This review analyses the approaches used by the 10 Swiss NGOs currently implementing projects in Nepal post-earthquake with Swiss Solidarity funds to enhance accountability to affected people (AAP) in their programmes. It seeks to gain the perceptions of affected people and their preferences for information dissemination and communication. The review focused on the key commitments to information sharing, ensuring engagement in decision making, listening to communities and complaints handling. The responsiveness of organizations to community feedback and the barriers to this were reviewed. Consultations with affected communities were undertaken in four field locations, the purpose of which were to understand the views and preferences of different groups within each community.
Margie Buchanan-Smith, Subindra Bogati and Sarah Routley, with Srijana Nepal, Sweta Khadka, Yamima Bomjan and Neha Uprety
This study is a rare effort to explore the views and experiences of communities affected by the Nepal earthquakes in April and May 2015, to find out how and whether their information needs were met. It aims to fill a knowledge gap about the relative contribution of humanitarian responders to communicate with communities in the months after the two earthquakes
Political transition in Nepal is awakening sleeping grievances and threatening social cohesion, argue Subindra Bogati and Benjamin Britton. They say that local organisations are best equipped to help the country navigate this tense period.
Since the Comprehensive Peace Agreement which ended Nepal’s decade-long civil war in 2006, the country has been wracked by recurring outbreaks of sometimes violent protest against the state and the perceived injustice of the status quo..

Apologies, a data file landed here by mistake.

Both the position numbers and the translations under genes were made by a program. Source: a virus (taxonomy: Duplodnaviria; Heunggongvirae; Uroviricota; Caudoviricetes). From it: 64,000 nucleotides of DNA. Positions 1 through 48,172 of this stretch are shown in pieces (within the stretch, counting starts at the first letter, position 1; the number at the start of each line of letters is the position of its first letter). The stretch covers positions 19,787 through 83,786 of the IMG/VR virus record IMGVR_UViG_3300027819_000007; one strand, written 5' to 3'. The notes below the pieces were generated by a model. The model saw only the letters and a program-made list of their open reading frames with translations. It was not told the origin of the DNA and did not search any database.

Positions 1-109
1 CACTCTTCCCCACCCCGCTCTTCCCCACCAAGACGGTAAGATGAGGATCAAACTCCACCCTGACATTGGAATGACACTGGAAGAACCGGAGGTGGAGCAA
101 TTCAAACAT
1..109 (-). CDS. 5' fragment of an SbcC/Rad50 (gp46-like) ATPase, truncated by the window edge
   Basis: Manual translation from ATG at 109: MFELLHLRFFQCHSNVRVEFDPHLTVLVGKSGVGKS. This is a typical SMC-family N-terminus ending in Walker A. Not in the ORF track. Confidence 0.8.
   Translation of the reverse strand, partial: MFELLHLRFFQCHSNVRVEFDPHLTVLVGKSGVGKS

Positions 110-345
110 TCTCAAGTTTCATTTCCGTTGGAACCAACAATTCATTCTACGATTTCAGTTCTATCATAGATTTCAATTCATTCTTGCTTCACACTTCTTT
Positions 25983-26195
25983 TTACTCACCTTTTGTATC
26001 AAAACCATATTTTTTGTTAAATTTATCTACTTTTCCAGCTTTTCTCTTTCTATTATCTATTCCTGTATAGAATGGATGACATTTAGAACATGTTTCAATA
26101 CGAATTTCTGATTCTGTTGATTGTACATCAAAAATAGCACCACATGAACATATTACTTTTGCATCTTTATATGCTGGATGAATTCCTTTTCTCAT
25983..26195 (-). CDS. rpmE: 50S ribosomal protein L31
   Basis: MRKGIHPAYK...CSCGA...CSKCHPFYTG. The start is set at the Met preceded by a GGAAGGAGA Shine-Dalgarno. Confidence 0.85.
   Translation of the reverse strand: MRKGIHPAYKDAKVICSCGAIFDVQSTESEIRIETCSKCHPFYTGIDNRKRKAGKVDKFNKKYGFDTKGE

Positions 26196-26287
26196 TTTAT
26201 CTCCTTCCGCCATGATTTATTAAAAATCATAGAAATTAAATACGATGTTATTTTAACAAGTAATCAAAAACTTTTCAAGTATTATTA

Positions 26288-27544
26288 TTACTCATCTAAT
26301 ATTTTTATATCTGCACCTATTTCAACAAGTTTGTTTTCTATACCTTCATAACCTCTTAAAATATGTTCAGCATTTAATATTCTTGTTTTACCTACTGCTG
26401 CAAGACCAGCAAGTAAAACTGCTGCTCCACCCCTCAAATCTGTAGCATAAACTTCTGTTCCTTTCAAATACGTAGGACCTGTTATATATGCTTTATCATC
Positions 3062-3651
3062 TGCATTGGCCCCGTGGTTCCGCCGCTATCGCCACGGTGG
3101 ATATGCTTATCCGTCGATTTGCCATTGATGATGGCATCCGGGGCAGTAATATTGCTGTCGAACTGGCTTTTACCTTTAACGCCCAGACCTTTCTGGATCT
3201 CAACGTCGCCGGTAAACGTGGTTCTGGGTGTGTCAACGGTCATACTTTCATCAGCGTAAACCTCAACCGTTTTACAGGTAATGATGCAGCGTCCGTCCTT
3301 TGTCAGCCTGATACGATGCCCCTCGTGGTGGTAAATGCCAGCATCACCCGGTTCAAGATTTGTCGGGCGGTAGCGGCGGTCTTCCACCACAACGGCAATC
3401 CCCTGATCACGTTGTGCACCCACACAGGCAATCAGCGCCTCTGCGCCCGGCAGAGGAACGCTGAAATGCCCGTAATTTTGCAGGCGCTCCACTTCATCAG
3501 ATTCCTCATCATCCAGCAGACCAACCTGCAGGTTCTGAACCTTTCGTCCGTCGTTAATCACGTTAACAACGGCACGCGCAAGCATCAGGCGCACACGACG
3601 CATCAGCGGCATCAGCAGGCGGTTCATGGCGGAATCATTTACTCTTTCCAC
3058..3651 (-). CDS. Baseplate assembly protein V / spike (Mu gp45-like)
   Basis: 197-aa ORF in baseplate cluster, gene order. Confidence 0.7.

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In this Berghof Foundation paper, Subindra Bogati of Nepal Peacebuilding Initiative, has tried to (i) analyse the process of army integration and (ii) examine the aspirations of former combatants.
One of the key features of the Comprehensive Peace Agreement (CPA), signed in 2006 by the Maoists and
seven other major political parties, was the integration and rehabilitation of the Maoist combatants.
After years of discussion on the written agreements and their interpretations, which were designed to
facilitate the decision-making process regarding the fate of Maoist combatants, the situation of having
two armies in one country finally came to an end in 2013.
This research report explores why the rise of violent and organised crime has been centred in around the urbanised areas of the Terai and Kathmandu Valley – by unpacking the channels through which rapid urbanisation interacts with violent or/and organised crime – and within this paradigm specifically focus on youth and adolescent involvement.
The Opportunity Knocks report was commissioned by a consortium of UK-based international non-governmental organisations, which included ActionAid, CAFOD, Christian Aid, Oxfam GB, CARE, and Tearfund.